Self-assemblies of amphiphilic homopolymers: synthesis, morphology studies and biomedical applications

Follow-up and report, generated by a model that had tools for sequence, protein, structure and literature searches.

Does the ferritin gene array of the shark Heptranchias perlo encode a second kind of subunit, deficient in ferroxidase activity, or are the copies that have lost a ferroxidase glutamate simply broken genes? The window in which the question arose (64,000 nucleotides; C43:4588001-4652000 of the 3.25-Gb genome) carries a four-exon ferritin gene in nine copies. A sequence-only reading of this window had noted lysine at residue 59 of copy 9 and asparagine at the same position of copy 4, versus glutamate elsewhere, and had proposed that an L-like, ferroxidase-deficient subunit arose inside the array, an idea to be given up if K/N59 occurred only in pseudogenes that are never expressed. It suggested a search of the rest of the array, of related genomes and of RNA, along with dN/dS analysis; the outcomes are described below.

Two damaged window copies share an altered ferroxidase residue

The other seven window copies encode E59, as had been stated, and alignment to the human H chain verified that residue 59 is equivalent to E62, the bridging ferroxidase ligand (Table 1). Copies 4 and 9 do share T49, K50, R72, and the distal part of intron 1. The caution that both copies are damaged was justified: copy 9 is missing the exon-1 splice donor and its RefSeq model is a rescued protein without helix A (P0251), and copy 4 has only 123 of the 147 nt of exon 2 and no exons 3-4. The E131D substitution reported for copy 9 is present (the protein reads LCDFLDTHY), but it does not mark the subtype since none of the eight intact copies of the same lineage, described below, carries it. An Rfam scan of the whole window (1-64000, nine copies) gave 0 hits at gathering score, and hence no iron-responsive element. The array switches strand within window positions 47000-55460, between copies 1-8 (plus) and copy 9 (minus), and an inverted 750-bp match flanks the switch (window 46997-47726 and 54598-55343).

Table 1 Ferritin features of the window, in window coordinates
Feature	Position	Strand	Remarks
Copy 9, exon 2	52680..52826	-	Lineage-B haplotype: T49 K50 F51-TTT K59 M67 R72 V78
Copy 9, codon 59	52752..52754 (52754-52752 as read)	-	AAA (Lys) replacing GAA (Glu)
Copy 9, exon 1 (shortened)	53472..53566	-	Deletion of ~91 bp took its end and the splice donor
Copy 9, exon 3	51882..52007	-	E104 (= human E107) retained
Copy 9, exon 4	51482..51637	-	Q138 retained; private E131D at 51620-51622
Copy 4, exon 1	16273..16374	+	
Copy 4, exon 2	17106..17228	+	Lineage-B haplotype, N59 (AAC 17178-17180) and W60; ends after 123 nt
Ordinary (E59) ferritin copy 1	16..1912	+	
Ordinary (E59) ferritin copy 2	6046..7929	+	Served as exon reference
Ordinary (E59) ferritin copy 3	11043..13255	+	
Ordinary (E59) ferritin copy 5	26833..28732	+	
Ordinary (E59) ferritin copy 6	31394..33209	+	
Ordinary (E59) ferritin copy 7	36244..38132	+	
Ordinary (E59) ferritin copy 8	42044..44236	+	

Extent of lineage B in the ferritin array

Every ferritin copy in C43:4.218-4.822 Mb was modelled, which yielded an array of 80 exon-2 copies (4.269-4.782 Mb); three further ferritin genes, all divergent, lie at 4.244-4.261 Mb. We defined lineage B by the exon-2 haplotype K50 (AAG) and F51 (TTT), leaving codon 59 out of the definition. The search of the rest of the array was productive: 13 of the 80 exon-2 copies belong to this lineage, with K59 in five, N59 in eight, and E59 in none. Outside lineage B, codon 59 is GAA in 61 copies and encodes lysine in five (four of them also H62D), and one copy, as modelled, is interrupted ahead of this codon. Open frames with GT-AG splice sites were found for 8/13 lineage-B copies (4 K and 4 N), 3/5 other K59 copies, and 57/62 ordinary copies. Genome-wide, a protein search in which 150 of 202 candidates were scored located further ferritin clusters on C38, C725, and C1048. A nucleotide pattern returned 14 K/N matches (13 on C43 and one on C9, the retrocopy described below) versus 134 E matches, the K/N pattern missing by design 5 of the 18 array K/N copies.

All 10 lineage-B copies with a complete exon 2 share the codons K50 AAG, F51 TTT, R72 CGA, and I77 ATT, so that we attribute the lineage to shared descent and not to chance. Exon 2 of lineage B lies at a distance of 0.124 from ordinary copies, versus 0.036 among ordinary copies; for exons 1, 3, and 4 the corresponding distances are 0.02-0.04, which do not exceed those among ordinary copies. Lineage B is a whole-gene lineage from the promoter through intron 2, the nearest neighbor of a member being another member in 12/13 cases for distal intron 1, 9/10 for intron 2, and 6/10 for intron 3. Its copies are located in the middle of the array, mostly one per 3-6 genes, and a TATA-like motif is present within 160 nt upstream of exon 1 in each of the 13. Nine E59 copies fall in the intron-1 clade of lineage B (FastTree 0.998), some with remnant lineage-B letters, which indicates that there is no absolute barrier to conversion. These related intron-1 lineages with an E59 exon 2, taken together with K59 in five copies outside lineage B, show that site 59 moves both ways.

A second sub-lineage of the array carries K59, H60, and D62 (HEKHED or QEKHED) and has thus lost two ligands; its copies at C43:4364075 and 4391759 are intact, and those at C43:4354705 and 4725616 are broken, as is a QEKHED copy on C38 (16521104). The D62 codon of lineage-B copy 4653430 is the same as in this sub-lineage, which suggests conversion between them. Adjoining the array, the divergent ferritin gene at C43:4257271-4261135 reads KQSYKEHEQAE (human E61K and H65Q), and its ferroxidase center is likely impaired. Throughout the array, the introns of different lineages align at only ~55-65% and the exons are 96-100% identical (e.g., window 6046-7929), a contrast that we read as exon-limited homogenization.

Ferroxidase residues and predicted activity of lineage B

The need for a simplified access to supramolecular assemblies with enhanced tenability has led to the development of amphiphilic homopolymers (APHPs). This feature article highlights recent advances and future trends in APHP design, self-assembly, and biomedical applications. APHP self-assemblies are prepared by two different routes: the “monomer-induced” method, which polymerizes functional amphiphilic monomers into micelles and inverse micelles, and the “hydrophobic-group-induced” method, which uses the non-covalent interaction provided by large hydrophobic endgroups. Special emphasis is paid to unimolecular polymeric micelles (UPMs) which are formed from core–shell APHPs and which consist of a hydrophobic/hydrophilic core coated with a polymer shell. The self-assembled supramolecular structures hold promise for various biomedical fields, including living cell transport, fluorescence labelling, protein sensing and extraction, DNA detection, and drug loading and release.